After an induction, epidural and forceps delivery of her first baby, Carol was amazed to find that she “enjoyed” giving birth to her second child. Although initially sceptical about self-hypnosis she found it invaluable during labour, and realised that her body and baby know what to do, and there is nothing to fear but fear itself.
You probably won’t believe me, because after the induction – pethedine – epidural – forceps of my first baby two years ago I hadn’t thought it possible either, but I enjoyed giving birth to my second child.
Like every other woman, I’ve heard all the stories, read the books, seen the movies. Like them, I couldn’t believe there could be an alternative: of course childbirth hurts, they’re called labour pains, aren’t they? When I first heard about women in labour using a water pool the best I expected was that it might make the pain tolerable, but after the technological nightmare last time, it seemed worth looking into. The hospital put me in touch with Dr. Motha at the Jeyarani Health Centre and I went along for a consultation, expecting to find the doctor behind a desk and a list of technical specifications on temperature maintenance and sub-aqua monitoring. To my dismay, I was seated on a cushion and told I was to be given a lesson in ‘self hypnosis’, which didn’t appeal to me at all. However, I soon found that this bore no relationship to my somewhat sinister idea of hypnotism, but is a way of teaching conscious relaxation. ‘Relaxation’ classes are held throughout the country, but there you’re taught to pant, grunt and strain every time the famous ‘urge to push’ comes. This is not only unnecessary but counter-productive, Dr Motha tells her (somewhat sceptical) classes. The uterus is a strong muscle specifically designed for this one job – let it work without tension, let the muscles relax, allow the baby to slip through easily, naturally; do not be afraid for fear leads to pain and pain to fear. We learnt to relax our bodies completely and at will, learnt to think positively and joyfully about the birth of our babies. All very well in theory, I thought, and I must admit all this relaxing has cured my bad back, but pain free labour? I still didn’t really believe it.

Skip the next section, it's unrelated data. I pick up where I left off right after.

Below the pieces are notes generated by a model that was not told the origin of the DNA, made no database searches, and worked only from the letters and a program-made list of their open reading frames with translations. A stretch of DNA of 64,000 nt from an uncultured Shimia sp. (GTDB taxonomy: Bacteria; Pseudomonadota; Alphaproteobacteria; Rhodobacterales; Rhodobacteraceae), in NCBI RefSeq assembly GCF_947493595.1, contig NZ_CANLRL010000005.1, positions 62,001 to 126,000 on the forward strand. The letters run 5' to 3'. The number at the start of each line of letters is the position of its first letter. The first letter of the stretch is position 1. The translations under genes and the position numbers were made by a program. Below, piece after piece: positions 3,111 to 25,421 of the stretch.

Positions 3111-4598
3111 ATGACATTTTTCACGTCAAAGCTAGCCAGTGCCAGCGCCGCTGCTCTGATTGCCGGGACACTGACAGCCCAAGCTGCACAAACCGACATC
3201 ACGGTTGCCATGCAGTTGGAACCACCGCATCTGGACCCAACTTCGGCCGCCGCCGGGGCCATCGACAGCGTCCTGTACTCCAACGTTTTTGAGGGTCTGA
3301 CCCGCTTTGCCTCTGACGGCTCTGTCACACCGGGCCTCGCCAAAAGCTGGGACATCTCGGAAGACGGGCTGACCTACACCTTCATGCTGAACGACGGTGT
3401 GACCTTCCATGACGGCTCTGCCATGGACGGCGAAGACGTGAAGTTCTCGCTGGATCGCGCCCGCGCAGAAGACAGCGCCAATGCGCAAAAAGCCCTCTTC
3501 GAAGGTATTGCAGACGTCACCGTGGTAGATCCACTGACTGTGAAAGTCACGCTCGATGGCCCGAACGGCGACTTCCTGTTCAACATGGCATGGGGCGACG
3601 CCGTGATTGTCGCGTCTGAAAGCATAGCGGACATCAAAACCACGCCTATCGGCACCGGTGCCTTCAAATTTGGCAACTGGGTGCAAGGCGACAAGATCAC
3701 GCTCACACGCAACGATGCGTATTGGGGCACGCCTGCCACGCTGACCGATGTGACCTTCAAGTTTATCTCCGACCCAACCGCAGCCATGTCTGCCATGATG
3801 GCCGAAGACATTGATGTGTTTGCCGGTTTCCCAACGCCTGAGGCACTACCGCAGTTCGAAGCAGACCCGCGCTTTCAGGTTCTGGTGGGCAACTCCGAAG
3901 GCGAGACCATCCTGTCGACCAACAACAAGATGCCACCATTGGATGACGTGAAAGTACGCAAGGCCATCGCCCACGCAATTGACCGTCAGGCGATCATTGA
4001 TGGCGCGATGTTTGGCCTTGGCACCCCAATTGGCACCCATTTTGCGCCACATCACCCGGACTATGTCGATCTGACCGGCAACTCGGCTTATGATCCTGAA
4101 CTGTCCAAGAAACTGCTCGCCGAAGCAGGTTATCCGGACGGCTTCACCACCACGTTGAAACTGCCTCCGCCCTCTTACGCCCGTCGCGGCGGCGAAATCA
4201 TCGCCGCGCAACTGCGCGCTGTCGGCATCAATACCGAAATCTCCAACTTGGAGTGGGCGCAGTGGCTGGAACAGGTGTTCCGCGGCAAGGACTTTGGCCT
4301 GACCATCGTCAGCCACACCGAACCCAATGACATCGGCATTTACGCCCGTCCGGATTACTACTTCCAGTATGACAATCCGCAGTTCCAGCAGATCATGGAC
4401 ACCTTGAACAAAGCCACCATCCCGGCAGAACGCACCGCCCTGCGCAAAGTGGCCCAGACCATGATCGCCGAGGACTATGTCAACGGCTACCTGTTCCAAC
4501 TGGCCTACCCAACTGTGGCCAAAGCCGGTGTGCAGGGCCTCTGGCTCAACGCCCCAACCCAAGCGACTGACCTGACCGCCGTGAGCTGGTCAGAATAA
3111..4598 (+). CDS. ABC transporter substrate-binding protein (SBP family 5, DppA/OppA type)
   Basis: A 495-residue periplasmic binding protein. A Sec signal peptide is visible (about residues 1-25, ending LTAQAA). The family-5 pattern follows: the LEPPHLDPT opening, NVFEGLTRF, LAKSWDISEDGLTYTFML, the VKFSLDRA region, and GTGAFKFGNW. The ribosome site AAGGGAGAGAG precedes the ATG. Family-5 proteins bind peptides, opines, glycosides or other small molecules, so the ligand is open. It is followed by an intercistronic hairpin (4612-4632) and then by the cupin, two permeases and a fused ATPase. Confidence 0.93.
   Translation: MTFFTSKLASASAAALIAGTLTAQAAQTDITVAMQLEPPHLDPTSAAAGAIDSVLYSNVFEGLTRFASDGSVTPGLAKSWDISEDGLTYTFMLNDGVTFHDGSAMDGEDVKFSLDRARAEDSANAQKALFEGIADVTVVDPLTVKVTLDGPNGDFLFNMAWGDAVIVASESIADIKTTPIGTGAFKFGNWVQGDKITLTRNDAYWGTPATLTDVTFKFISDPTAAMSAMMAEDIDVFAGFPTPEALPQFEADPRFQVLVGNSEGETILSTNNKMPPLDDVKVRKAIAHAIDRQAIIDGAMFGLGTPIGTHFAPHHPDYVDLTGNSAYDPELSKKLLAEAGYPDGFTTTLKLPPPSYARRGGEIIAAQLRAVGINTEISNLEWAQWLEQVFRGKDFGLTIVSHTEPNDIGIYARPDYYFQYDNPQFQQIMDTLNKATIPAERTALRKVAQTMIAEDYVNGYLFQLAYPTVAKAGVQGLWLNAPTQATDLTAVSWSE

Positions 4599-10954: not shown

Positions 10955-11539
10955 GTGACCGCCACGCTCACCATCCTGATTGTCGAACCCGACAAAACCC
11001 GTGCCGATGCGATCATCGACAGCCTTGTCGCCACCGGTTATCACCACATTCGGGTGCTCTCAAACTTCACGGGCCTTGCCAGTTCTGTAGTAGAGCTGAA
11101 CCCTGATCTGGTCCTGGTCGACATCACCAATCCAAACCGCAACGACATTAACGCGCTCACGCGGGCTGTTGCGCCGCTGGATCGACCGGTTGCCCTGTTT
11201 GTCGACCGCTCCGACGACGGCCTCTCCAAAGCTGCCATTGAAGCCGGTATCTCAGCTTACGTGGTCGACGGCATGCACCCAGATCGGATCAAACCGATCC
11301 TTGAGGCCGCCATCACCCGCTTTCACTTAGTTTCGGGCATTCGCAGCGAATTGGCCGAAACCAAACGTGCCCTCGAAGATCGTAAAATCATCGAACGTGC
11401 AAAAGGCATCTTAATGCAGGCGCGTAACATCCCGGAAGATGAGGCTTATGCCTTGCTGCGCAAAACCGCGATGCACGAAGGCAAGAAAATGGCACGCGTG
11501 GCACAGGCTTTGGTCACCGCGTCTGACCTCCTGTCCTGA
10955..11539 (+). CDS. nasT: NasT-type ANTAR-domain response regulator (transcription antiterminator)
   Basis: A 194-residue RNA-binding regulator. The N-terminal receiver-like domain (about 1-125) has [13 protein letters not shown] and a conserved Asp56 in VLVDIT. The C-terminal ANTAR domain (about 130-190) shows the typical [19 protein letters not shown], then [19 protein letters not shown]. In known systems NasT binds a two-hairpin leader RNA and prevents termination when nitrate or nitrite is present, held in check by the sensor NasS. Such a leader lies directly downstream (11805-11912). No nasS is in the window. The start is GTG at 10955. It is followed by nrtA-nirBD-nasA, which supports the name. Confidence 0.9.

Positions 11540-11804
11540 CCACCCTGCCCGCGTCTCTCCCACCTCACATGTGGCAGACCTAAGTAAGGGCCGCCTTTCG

When my waters broke at four in the afternoon I was having no contractions but went to the hospital. An evening strapped to the monitoring devices hearing the woman in the other cubicle did nothing to help and by eleven o’clock the doctors decided to send me up to the ante-natal ward for the night and maybe induce me next morning – exactly what I’d been fearing all along.
On my own in the ward, I finally decided to stop fretting and do something positive. I sat in a dark corner and relaxed as we’d been taught, shutting off everything around me and concentrating on letting myself open up, welcoming my baby. By midnight I was being hustled back down the stairs by a nurse who refused to wait for the lift – ‘Hold on, dear, we don’t want you having it up here!’ I’d gone to 6cms dilation in less than an hour, and it was only when I realised that I should call a midwife and started trying to cope with the hospital scene again that it began to hurt. Once left on my own in a delivery room I stood leaning on the bed, which immediately helped – sitting or lying down were excruciating – and started to calm myself down again. My husband and Dr Motha arrived together and I relaxed still further, knowing that they would now deal with the outside world for me. Dr Motha turned down the lights and gave my husband directions on how to set up the pool and, I suspect, strict instructions to be a quiet, supportive but non-interfering presence. I was still a little frightened by the pain I’d felt and my body was trembling with the pressure of standing; the relief getting into the pool was immediate, as the warm water took my weight, soothed me and washed away the sweat. I soon found a rhythm, kneeling in the water, leaning my head on my arms on the side, breathing deeply as each contraction did its work. I concentrated on keeping my muscles soft and loose and opening to help my baby; I could feel each contraction and was aware of the effort my body was making and the effect it was having, but felt no pain.
Between contractions, I enjoyed the water, a smile, a drink; when the ‘urge to push’ came Dr Motha quietly reminded me to just breathe deeply. There was no need to set my teeth and strain; I could feel the baby’s head coming down a little further each time, gently opening his way into the world. If I’d tried to force him, I would have torn myself. At that moment I did feel a sudden sharp pain and thought ‘Ow, must be nearly there…’ I put my hand down to feel how much further I had to go and felt the baby’s head! The next contraction came, caught me unready, I yelled, the baby yelled, my husband yelled, ‘You’ve done it!’ and I was standing up turning round to take my baby from Dr Motha, feeling exulted and quite incredulous that it could all be over so soon, so beautifully. My baby nuzzled me, and smiled.
Later, my husband and Dr Motha left and the midwife went to fetch a wheelchair to take me to the postnatal ward – I could have taken the stairs two at a time but she insisted that I sit down; perhaps she felt that she had to do something other than check the heartbeat and write up the notes. That was when I heard the woman in the next room, shrieking and sobbing in the accepted, expected torture of childbirth.
And I wanted to tell her, there is another way, a way so old that after centuries of innovation, research and drugs testing we’re now having to rediscover it and tell each other a truth so simple is seems incredible – your baby knows what to do and there’s nothing to fear but fear itself Effortlessly, naturally, you gave your baby a body, eyes, a brain, life itself; the same way, you can give birth.